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Friday, September 23, 2016

Lean Quote: Reducing the Batch Is Advantageous

On Fridays I will post a Lean related Quote. Throughout our lifetimes many people touch our lives and leave us with words of wisdom. These can both be a source of new learning and also a point to pause and reflect upon lessons we have learned. Within Lean active learning is an important aspect on this journey because without learning we can not improve.

"If we reduce batch sizes by half, we also reduce by half the time it will take to process a batch. That means we reduce queue and wait by half as well. Reduce those by half, and we reduce by about half the total time parts spend in the plant. Reduce the time parts spend in the plant and our total lead time condenses. And with faster turn-around on orders, customers get their orders faster.— Eliyahu M. Goldratt, The Goal

In the book Lean Thinking, James Womack and Daniel Jones recount a story of stuffing newsletters into envelopes with the assistance of one of the author’s two young children. Every envelope had to be addressed, stamped, filled with a letter, and sealed. The daughters, age six and nine, knew how they should go about completing the project: “Daddy, first you should fold all of the newsletters. Then you should attach the seal. Then you should put on the stamps.” Their father wanted to do it the counter-intuitive way: complete each envelope one at a time. They told him “that wouldn’t be efficient!” So he and his daughters each took half the envelopes and competed to see who would finish first.

The father won the race, and not just because he is an adult.

Check out Gemba Academy’s "one piece flow" square off against "mass production” video.

When we work with small batch sizes, each batch makes it through the full life cycle quicker than a larger batch does. We get better at doing things we do very often, so when we reduce batch size, we make each step in the process significantly more efficient.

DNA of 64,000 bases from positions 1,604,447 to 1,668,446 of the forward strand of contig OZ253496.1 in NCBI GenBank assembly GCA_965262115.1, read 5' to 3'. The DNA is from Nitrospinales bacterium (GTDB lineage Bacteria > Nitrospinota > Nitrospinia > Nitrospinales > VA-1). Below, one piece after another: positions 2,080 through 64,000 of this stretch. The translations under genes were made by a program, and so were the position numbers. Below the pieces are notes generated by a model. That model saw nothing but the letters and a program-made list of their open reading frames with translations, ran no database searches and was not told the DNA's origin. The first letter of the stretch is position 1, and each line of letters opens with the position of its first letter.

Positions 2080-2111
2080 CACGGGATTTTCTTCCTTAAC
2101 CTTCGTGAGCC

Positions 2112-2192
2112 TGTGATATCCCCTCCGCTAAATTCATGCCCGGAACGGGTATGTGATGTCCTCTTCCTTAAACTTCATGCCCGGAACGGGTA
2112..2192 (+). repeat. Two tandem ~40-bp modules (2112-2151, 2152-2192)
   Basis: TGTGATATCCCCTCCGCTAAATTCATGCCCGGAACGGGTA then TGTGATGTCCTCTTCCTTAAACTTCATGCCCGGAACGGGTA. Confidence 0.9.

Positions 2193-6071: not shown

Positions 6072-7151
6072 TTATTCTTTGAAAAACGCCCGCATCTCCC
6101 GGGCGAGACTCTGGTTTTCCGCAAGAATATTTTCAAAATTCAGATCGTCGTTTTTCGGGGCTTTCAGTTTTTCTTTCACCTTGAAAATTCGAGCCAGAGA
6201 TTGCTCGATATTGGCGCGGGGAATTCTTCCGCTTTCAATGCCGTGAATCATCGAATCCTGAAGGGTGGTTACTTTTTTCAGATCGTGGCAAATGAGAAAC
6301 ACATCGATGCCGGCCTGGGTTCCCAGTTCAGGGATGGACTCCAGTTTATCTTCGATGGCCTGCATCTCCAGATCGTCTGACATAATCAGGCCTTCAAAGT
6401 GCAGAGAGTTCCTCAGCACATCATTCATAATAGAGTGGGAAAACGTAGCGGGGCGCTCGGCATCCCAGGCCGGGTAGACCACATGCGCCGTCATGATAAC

There are very good reasons why batch size is important. Some of these benefits are:

1) Improves Quality (reduces defects). Making 1 piece at a time prevents a pile of scrap when issues are caught on a single piece versus a batch.
2) Reduces Inventory. WIP (work in process) inventory is reduced when manufacturing one piece at a time.
3) Improves Safety. Less inventory means less clutter and safer work environments. It takes less effort to move 1 piece than big batches.
4) Increases flexibility. Less inventory, rework, and scrap make short cycle times possible providing more opportunity to react to customer demands.
5) Requires less space. With less inventory more space is available for value added activities.
6) Increases productivity. Most of the 7 wastes found in typical batch and queue processes are eliminated or reduced with single piece flow.

Reducing the batch size in manufacturing is therefore a desirable goal: it improves the speed of response to the customer, whilst improving the ratio of value-added to non value-added work. A silent productivity killer, batching is an extremely difficult mindset to overcome and, as a result, numerous Lean initiatives have been destroyed by it.

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